*Please download the file homework10.R and write your
results there. Send the your answers to my
mailbox.*

# Shall you take the umbrella?

It is early in the morning and you are preparing to get out of home. You look out through the window and you see that the sky is cloudy, and it looks like it may rain. You open your cellphone and check the weather prediction. It says 15% probability of rain for each hour on the next 12 hours. So, the chance of rain for each specific hour is small, but you will be out for many hours. Shall you take the umbrella?

We will assume that the probability of rain in every hour is independent of each other. That is, the chance of rain between 8:00 and 9:00 is 15%, and the probability of rain between 9:00 and 10:00 is also 15%.

## 1. Simulate one day

Please write a function called `one_day`

, that simulates
one day of possible rain, hour by hour. The function has two inputs: the
number of hours `h`

, and the probability of rain for each
hour `p`

. The function must return a *logic* vector of
length `h`

. Each element of the vector is `TRUE`

when there is rain on the corresponding hour.

```
<- function(h, p) {
one_day # write here
}
```

Notice that the first element of the vector correspond to the time you will leave home, and the last element represents the time just before you come home.

Using the following test code, you should get a plot similar to this figure

```
<- replicate(1000, sum(one_day(12, 0.15)))
hours_of_rain barplot(table(hours_of_rain)/1000)
```

## 2. How long will it rain

What is the average number of hours of rain? what is the standard deviation?

`# write here`

```
[1] 1.883
[1] 1.221804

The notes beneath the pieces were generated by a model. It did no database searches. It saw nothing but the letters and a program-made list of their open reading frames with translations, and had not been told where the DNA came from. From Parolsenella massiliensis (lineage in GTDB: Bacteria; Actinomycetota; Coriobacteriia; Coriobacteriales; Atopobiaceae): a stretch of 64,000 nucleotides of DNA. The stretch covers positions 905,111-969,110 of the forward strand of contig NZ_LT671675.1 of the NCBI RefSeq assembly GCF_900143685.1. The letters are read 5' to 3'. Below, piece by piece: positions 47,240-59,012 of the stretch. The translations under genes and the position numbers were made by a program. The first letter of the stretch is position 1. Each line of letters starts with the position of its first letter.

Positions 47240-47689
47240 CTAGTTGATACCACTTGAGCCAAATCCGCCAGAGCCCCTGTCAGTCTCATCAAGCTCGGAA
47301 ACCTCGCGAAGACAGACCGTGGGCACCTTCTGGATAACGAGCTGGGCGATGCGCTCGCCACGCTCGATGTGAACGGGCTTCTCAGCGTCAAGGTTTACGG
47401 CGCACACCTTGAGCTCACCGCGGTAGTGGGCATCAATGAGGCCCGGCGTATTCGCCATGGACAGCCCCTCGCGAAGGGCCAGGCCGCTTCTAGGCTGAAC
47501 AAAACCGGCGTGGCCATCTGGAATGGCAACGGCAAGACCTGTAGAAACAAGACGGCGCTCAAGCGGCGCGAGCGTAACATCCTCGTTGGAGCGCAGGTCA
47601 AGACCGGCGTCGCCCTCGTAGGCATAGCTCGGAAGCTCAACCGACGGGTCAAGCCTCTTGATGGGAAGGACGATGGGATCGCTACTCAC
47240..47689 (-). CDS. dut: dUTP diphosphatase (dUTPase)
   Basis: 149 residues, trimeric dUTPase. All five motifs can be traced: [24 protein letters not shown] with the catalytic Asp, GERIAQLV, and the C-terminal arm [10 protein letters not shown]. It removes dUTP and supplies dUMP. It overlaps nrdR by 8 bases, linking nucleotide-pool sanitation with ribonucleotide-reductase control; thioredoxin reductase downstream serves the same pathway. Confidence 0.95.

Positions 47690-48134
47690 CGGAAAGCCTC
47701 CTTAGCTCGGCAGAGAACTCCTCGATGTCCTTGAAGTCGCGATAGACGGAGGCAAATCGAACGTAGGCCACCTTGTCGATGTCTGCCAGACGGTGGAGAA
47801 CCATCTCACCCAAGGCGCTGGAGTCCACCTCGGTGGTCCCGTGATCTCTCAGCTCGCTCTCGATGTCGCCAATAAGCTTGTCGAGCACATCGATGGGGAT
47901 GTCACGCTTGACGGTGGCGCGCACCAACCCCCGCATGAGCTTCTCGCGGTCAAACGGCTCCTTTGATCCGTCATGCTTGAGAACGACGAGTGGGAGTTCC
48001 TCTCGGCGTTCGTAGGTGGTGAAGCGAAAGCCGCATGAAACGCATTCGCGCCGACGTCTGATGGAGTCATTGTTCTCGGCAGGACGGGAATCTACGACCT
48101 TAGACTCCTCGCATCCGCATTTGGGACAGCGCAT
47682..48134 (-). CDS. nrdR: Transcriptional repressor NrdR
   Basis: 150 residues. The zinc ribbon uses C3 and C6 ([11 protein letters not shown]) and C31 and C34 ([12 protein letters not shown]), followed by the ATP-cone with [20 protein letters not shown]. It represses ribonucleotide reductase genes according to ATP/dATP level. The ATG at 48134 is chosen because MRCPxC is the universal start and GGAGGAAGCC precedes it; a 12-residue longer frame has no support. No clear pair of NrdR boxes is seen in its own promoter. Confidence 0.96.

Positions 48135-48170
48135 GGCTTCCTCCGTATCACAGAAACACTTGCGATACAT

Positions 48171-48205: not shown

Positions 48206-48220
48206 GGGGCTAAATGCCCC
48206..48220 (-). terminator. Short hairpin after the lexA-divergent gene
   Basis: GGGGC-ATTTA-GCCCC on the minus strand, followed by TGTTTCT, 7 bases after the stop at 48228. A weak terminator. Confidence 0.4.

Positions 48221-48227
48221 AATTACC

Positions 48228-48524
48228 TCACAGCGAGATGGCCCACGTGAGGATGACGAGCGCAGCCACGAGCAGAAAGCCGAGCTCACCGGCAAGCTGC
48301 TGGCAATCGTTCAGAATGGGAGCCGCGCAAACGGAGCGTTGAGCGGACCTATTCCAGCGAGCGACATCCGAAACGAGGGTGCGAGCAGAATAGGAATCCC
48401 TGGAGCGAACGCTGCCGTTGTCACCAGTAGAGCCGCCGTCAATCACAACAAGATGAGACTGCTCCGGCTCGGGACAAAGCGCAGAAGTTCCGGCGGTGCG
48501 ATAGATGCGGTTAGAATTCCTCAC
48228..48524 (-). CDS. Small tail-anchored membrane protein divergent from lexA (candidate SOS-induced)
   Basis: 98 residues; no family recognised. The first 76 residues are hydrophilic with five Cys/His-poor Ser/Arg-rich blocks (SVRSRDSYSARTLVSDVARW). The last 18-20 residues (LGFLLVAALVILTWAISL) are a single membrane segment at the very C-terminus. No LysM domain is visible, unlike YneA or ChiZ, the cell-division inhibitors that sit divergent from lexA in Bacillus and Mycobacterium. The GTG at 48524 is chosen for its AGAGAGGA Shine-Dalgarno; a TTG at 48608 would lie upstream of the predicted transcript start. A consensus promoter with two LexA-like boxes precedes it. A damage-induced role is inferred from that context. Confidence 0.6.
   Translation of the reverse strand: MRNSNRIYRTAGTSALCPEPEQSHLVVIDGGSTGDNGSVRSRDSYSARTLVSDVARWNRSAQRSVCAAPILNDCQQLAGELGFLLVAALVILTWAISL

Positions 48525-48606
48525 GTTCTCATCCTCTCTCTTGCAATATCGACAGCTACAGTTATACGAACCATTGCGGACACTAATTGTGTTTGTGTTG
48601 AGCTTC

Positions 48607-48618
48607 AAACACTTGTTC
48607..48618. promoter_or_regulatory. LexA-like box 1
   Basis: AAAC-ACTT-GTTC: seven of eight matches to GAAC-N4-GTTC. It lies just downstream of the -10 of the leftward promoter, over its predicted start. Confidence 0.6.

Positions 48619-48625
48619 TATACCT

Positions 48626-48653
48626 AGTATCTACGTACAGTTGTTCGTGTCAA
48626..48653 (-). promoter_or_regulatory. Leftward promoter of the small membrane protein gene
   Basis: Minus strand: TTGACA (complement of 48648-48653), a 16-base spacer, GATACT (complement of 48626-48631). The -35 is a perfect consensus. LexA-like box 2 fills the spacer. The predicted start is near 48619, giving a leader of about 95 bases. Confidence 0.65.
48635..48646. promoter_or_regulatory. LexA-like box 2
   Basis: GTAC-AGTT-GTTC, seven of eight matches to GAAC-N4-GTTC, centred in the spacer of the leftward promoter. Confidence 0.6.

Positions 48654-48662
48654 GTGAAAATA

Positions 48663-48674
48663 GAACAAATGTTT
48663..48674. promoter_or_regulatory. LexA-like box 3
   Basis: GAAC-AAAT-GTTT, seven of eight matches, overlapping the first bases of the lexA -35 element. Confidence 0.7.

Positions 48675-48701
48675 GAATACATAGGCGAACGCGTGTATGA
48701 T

```

## 3. Will today be a rainy day?

Please write a function that represents the event *“there is rain
at least one time”*. The function is called
`rainy_day(v)`

and takes a vector of logic values, such as
the output of the previous question. The output of
`rainy_day(v)`

is a single logic value, which is
`TRUE`

if there is rain at least for one hour. In other
words, `rainy_day()`

is an event.

```
<- function(v) {
rainy_day # write here
}
```

Test your function with this code:

`rainy_day(c(FALSE, FALSE, FALSE))`

`[1] FALSE`

`rainy_day(c(FALSE, TRUE, FALSE))`

`[1] TRUE`

## 4. How many rainy days like today?

Write a function that calculates the *average* number of rainy
days. The function must simulate `m`

days and calculate the
proportion of days when it rains at least during one hour. Use the
functions `mean()`

, `replicate()`

,
`rainy_day()`

, and `one_day()`

```
<- function(m, hours, prob) {
mean_rainy_days # write here
}
```

Now you can simulate several samples and see the distribution. Your result should be similar to this:

```
<- replicate(2000, mean_rainy_days(100, 12, 0.15))
sample_means hist(sample_means, col="grey", nclass=30)
```

## 5. Finding a range for the probability of rain

What is the average of the average number of rainy days? That is,
what is your estimation of the *population mean*?

What is the standard deviation? What is the standard error?

`# write here`